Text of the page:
HOMEBREW Digest #1244 Mon 11 October 1993

Digest #1243 Digest #1245


	FORUM ON BEER, HOMEBREWING, AND RELATED ISSUES
		Rob Gardner, Digest Coordinator


Contents:
  Dry Ice cooling NOT! (Dennis J. Templeton)
  India Pale Ale request (Montgomery_John)
  Removing Foil Labels, Bottle Filling (Dan Wood)
  Hop substitutions (npyle)
  Cider making equipment (rgsimms)
  Mashing out ("Dennis Lewis")
  Re:  Yeast query (Scott Benton)
  Re: Mashout Heresy (Paul deArmond)
  IMPERIAL STOUT (Spencer.W.Thomas)
  Is Mashing out necessary (GANDE)
  oxidation/recipe woes/mashout/tun design vs. crush/Brussels?!? (korz)
  Fermentables/volume, what is reasonable? ("Taylor Standlee")
  STRAINING YOUR BREW  (MATTHEW.BOHNE)
  JUDGING (Jack Schmidling)
  BOQAT, farting, stoned, fashion, mash out, and farkleberries. (Domenick Venezia)
  Re: Hop substitutions (jay marshall)
  Re: cheap carboys (jay marshall)
  smash the mash balderdash (Paul Boor)
  Science and Hops Utilization 1/2 ("Palmer.John")
  Science and Hops Utilization 2/2 ("Palmer.John")
  calculating beer color (Tony Babinec 312 329-3570)

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---------------------------------------------------------------------- Date: Fri, 8 Oct 93 10:04:50 -0400 From: djt2 at po.cwru.edu (Dennis J. Templeton) Subject: Dry Ice cooling NOT! Someone asked about using dry ice for cooling their wort. Since dry ice liberates humungous amounts of gas you had better be prepared for a huge overflow of sticky bubbling (and still hot) wort, like a krausen from hell. I have tried this for other purposes and it was *definitely* not worth the trouble. Note that those of you who put dry ice in your college punch had a more controlled reaction since the punch was not boiling hot. Try a cooling coil. dennis Return to table of contents
Date: Fri, 8 Oct 93 09:06:00 CST From: Montgomery_John at lanmail.ncsc.navy.mil Subject: India Pale Ale request This question is directed in particular to kindred brewers in the beautiful Pacific Northwest. I recently spent an extended amount of time in the Seattle area - particularly Silverdale/Poulsbo. While there, my buddy and I ran across a little place that harbored some 30 microbrewed beers on their tap wall. Now, coming from a "microbrew" wasteland (panhandle Fl) I was awestruck (but that's another soapbox). This place had an India Pale Ale on tap at the time that I was quite impressed with. I think the brewer was Deschutes(sp?). Is anyone familiar with this beer and, if so, do you have any all-grain recipes that attempt to clone this fine brew? I would love to produce some of that Pac.N.W. finery here in the Southeast. Thanks a million, john m. <montgomery_john at lanmail.ncsc.navy.mil> Return to table of contents
Date: Fri, 8 Oct 93 08:54:47 CDT From: wood at ranger.rtsg.mot.com (Dan Wood) Subject: Removing Foil Labels, Bottle Filling I'm setting up a homebrewing "kit" for a friend for Christmas, including two cases of M*ller longnecks in the waxed cardboard cases. I'd like to mimimize the time/effort in removing the foil labels. In the past I've tried a variety of solvents, boiling water, wire brush, razor blade, etc. but never found a combination that worked well. Anyone have any tricks for this? Please don't suggest other bottle types, I already have the empties, and I'm a big fan of clear bottles. I used the spring type bottle filler for many batches until I tried a simple hose clamp. I bought one of the 69 cent white plastic clamps, the kind with the ratcheting latch. I bent the teeth of the latch out of the way, and simply use hand pressure to shutoff the flow between bottles. It is faster, cleaner (no foaming), and probably minimizes aeration. Try it, you'll like it. PS: Anyone tried making a grape mead? I've had good luck with cherry and cranberry juice, but I'm leery of making alcoholic grape koolaid. I've got a gallon of concentrated juice from homegrown grapes (big and blue, concord maybe?) that I figure would flavor about 4 gallons of mead. However, the wife would kill me if the mead didn't turn out: she wants to waste it on jam. Any thoughts or experiences are appreciated. Worry if you must, but by all means, have a homebrew! Dan Wood, Motorola Inc. My thoughts, not Moto's wood at rtsg.mot.com Return to table of contents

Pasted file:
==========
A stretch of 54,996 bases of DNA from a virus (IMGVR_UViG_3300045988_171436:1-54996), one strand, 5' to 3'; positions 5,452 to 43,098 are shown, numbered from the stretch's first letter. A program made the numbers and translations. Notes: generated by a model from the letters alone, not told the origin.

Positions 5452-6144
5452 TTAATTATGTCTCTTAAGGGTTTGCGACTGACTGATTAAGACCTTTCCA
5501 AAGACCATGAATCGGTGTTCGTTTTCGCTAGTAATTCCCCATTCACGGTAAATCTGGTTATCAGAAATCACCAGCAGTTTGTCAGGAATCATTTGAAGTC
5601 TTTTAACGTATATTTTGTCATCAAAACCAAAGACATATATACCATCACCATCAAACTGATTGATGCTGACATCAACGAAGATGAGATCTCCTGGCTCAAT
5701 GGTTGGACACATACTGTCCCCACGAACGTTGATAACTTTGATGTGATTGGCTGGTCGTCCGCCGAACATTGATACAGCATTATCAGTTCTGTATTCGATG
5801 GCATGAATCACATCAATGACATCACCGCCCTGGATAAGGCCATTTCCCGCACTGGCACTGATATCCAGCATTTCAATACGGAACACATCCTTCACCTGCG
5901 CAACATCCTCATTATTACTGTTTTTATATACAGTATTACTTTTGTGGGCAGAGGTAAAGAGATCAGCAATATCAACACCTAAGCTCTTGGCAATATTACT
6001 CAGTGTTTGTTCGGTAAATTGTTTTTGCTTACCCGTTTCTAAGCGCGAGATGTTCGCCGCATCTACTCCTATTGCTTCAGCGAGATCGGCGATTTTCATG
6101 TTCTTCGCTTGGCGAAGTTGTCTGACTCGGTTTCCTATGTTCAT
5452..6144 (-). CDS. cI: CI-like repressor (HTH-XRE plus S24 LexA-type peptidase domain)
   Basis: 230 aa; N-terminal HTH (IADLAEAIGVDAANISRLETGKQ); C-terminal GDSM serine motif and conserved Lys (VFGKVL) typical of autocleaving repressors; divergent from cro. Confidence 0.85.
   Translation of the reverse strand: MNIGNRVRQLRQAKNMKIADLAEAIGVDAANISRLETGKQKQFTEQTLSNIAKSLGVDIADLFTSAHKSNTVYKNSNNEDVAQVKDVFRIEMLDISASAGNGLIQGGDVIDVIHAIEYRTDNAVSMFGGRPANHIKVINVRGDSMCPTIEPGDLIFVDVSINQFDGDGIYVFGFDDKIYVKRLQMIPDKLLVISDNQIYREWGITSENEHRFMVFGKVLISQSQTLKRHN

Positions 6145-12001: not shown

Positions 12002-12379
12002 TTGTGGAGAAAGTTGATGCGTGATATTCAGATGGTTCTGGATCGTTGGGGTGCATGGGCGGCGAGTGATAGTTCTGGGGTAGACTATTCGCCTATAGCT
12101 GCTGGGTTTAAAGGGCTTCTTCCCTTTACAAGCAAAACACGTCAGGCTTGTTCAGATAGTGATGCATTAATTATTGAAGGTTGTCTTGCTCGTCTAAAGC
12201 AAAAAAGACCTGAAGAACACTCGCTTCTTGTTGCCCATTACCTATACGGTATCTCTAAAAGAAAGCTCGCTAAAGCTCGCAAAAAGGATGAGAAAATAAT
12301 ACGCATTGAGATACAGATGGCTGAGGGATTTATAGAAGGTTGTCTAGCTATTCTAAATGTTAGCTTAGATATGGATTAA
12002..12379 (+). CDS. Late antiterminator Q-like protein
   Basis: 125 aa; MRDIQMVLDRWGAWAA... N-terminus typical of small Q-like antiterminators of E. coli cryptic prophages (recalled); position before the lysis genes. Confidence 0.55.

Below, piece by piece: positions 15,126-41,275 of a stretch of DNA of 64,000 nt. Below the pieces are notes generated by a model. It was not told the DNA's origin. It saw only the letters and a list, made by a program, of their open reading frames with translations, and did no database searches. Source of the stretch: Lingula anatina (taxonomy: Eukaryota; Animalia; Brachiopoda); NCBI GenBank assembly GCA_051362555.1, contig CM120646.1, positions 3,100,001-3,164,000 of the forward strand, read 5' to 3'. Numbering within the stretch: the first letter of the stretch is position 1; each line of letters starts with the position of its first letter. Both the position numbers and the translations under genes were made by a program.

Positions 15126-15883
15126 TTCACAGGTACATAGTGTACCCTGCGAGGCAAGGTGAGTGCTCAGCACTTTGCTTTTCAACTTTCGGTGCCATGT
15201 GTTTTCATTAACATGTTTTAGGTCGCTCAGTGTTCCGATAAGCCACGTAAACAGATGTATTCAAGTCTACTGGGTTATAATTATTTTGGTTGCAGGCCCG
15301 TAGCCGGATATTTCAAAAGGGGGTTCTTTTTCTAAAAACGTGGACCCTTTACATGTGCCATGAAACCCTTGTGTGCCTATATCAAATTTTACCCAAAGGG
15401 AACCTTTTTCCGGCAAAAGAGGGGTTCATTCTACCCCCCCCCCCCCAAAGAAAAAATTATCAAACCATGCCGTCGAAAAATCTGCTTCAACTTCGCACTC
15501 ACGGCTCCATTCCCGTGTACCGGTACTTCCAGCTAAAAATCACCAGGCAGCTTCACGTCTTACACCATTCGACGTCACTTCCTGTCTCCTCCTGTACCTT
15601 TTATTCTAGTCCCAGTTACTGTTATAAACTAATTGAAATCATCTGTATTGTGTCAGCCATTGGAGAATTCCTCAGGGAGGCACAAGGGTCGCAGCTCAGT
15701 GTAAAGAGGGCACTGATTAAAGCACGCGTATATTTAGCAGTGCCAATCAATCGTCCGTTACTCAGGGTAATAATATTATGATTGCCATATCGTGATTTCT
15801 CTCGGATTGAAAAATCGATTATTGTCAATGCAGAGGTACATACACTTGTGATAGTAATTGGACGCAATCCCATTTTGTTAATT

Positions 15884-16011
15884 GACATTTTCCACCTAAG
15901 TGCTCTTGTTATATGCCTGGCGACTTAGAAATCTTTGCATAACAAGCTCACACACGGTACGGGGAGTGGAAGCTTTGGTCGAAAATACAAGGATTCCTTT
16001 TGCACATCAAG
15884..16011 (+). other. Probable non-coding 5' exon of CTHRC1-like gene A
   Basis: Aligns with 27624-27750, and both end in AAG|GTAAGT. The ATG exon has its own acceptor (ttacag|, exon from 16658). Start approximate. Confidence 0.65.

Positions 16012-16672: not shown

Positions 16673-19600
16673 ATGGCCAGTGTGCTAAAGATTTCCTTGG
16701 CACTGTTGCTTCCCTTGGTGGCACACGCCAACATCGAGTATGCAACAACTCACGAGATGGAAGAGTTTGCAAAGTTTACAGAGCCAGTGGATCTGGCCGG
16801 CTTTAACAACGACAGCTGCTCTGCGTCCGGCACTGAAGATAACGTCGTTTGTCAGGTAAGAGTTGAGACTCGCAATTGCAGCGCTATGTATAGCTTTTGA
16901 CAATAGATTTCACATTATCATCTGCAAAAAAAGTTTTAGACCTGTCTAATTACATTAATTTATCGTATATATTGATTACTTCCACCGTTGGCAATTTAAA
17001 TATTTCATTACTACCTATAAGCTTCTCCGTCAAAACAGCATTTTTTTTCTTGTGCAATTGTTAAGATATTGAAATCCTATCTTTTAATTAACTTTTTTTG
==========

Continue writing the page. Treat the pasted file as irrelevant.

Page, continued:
Date: Fri, 8 Oct 93 8:42:28 MDT From: npyle at n33.stortek.com Subject: Hop substitutions Domenick asks about hop substitutions: >I'm still trying to perfect that Fuller's clone and I am looking for a good >substitution for British Northdown hops. I've used Cluster in the past >but I'm underwelmed by the flavor contribution of Cluster. > >How about Styrian Goldings, or Pride of Ringwood? Both of which are >available locally (Seattle). Kent Goldings? Fuggles/Willamette? > >How about substitutions for Challenger and Target too? > >Since I have never encountered Northdown, Challenger, or Target I'm >working in the dark on substitutions. Can anyone recommend a good book >on hop characteristics. Gardening info is wasted pages. Domenick, I've been working on the hops faq and I'm starting to come to the conclusion that there are no hop substitutions. There are many hops grown to be genetically similar (Hallertau Mittelfruh being the most copied), and some of the "copies" are good, and some are bad. I suppose these copies can be called substitutes, but its a personal choice. There is also very little (read "zero") literature describing flavor profiles of hops. Unfortunately, we are all working in the dark until we taste/smell the actual hops, which is why I'm looking for commercial examples of each hop for the faq (its a tough job but someone has to do it; I'm hoping this weekends GABF will help!). BTW, many of the hops you mention are fairly rare in the US (Northdown, POR) so even less information is available on them. So, the news is bad, but I'll wish you good luck in your search. Keep us informed. Cheers, Norm Return to table of contents